Are you willing to be like Joseph and stop worrying about what the world thinks outside? Or about the praises or criticism you get inside? Stop waiting to be noticed by men at all? And just start living sacrificially for God alone? And men, let's dig up this gemstone together—here is why Joseph was the best man to raise Jesus (I don’t care if gender roles are politically correct or not)—learn from this: Compare your actions and attitude in your family. He humbly responded in love, to what seemed like terrible injustice from his wife with mercy and gentleness (putting her first, even in her seemingly wrong ways). He lived his life, with the single focus of protecting and providing for his family above pleasure, praise, money, or notoriety. He took this responsibility as his alone. He lived in faith, no matter the cost to his whole family. (Stop spoiling your family at Christ’s sake—you’re not helping them). He never quit. No matter the resistance, no matter what it looked like, no matter how little encouragement he received, or what it cost. He lived in righteousness before his family, not just in public. He reached out in sacrificial love to those he did not have any responsibility to help. In his own pain and loss, he cared for others first, not spitefully, but in love. He never lashed out, acted out, or demanded justice. He simply walked on in meekness and strength. The money he did not make, nor the education that he did not have, nor the relatively short life he lived, had any bearing on the incredible man he was or the success his life was in God's eyes. He did not have to be the center of attention or the most respected and admired in the eyes of men to understand how important his job was in God's Kingdom and go on unnoticed and unrewarded here on earth. He considered it nothing to share in the shame and disgrace of the ones he loved, in order to relate, comfort, and love on them. All of this love, righteousness, and manliness communicated to you and I, men, and not a recorded word was spoken by him in Scriptures. So, men, listen: "Shine it, don't whine it."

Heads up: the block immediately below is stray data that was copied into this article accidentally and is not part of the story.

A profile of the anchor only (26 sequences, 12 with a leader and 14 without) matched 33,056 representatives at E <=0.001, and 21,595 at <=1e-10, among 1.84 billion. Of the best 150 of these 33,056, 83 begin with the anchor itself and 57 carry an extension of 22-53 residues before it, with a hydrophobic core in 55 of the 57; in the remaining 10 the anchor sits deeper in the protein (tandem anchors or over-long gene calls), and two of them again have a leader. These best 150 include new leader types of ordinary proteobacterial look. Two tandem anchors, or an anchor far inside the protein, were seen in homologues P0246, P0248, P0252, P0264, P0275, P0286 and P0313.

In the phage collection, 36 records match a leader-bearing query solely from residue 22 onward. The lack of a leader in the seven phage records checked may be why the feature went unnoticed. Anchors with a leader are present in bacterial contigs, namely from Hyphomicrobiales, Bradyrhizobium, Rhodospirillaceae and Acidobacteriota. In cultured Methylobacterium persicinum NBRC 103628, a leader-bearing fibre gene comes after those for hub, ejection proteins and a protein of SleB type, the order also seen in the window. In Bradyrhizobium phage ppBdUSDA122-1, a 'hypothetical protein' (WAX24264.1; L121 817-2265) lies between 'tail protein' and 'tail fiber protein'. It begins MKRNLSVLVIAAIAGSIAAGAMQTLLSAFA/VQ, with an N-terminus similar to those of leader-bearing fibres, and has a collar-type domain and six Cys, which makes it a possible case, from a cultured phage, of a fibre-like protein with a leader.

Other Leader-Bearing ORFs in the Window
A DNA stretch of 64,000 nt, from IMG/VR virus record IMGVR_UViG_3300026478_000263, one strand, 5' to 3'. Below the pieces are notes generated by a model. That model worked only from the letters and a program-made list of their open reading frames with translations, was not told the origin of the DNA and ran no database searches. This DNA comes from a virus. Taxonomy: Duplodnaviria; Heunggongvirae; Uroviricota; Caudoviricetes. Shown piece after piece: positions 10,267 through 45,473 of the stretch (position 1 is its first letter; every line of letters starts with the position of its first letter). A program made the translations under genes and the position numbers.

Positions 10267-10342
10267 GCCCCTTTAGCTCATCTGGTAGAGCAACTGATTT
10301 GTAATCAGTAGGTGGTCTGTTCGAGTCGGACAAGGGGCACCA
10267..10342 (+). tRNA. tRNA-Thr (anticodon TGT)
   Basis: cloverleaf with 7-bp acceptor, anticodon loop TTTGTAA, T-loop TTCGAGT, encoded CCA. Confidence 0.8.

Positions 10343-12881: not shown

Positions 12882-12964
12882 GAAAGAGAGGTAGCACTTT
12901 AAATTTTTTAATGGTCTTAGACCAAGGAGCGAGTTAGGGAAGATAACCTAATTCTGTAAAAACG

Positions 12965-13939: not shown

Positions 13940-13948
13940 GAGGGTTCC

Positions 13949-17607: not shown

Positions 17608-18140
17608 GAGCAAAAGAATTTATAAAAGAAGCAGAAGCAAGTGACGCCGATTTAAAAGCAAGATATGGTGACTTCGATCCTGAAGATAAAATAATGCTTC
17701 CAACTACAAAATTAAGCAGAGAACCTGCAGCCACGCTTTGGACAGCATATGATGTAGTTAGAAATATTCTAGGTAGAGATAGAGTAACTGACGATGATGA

What has the Christmas Story taught us about finding our way to the King thus far? His Word has given us the light in the darkness to show us undeniable, intellectual grounds for why there is not only a God, but that Jesus Christ is His Son. To truly love and follow Him, you must finally realize that He is worthy of your complete and unconditional surrender in obedience, because He first surrendered, as God to the Father on our behalf. We must walk in faith, no matter the cost, no matter the praise, no matter the lack of praise, no matter the consequences, even if we do not see the results—and we must live in love and mercy for others above ourselves. Remember, most that met Jesus on His journey in this world missed everything He tried to teach them. Are you getting these lessons from our Jesus or are you simply looking for another, "More pleasing" God as well? Some of you need to choose the path of serving and trusting in faith, and not allow anything to take you from the path again. Some of you need to learn to love and serve others sacrificially, even those who may not deserve it at all, realizing in reality, your mercy and love are greater than your sacrifice and holy living. These are the defining attitudes of the heart that will cause God to use you in the days ahead.